Food fraud is the act of deceiving someone about the food they are receiving, such as its quality or where it came from, usually for profit. Fraud in food production can cause billions in economic damages, and it is estimated that 10-30% of all food sold is actually fraudulent.
For example, wine made in Italy or France could be sold for a higher price than wines from other regions. But imagine buying a bottle of Italian wine, paying for a bottle of Italian wine, all the while unaware that the wine in the bottle was actually produced elsewhere.
While some of these distinctions about where a food product is produced may seem minor, food fraud can also impact health and safety. If products such as prescription drugs are produced with fraudulent material, for example, it can put people who rely on these medications at risk.
To make matters worse, it’s often hard to tell if a food product is fraudulent. Stable isotope analysis methods (specifically, the use of oxygen isotopes) are the leading forensic method for determining, for example, if claims about a food's geographic origin are false. Stable isotope analysis has been used in a range of different contexts, such as animal and human migration studies, because many plant/plant-based products have their own isotopic “fingerprint” that allow researchers to trace where a plant grows.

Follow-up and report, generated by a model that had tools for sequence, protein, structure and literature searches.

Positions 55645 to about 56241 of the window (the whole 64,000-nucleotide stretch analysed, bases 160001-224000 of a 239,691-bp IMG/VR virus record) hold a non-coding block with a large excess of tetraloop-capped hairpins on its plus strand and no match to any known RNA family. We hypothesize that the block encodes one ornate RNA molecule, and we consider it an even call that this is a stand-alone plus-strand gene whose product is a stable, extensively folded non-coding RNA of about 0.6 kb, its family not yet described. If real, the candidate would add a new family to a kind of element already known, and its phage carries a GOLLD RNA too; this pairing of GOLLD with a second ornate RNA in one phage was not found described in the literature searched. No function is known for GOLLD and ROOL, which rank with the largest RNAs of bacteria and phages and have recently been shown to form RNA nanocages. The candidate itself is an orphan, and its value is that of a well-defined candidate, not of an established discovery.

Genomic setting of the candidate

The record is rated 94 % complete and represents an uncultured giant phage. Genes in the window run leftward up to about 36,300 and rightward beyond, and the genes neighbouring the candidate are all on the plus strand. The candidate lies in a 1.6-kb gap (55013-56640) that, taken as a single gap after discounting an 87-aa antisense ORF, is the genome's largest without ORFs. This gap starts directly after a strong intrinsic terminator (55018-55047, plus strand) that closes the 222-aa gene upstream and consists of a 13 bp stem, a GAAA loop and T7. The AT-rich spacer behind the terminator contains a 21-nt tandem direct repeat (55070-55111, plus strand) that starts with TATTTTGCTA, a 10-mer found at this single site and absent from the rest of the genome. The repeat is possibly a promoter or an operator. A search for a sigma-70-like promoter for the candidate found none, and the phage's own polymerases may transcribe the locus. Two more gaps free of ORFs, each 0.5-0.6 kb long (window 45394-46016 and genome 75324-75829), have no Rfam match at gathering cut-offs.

The challenge, however, is that these methods are not exactly quick or cheap--not only is a sample required of the alleged fraudulent material for testing, but samples of a similar product in nearby areas are also needed to compare and confirm the alleged product is fraudulent. Given these limitations, new, more efficient methods are needed for quickly determining a food product’s point of origin.
Researchers have developed a predictive model that may help address the limitation of current methods, according to a new paper published in Scientific Reports.
The model simulates oxygen isotope ratios in certain plants. This approach allows researchers to predict the geographical location of products and quickly determine if a suspected fraudulent product is actually “fake.”
The accuracy of the predictive model was tested on a strawberry species common in Europe using a unique oxygen isotope dataset for validation. Researchers found that the model could accurately and quickly predict the geographical origin of the berry.
In addition to combating food fraud, the model could also help track the origin of other allegedly falsified products, such as certain drug products or timber cut through illegal practices.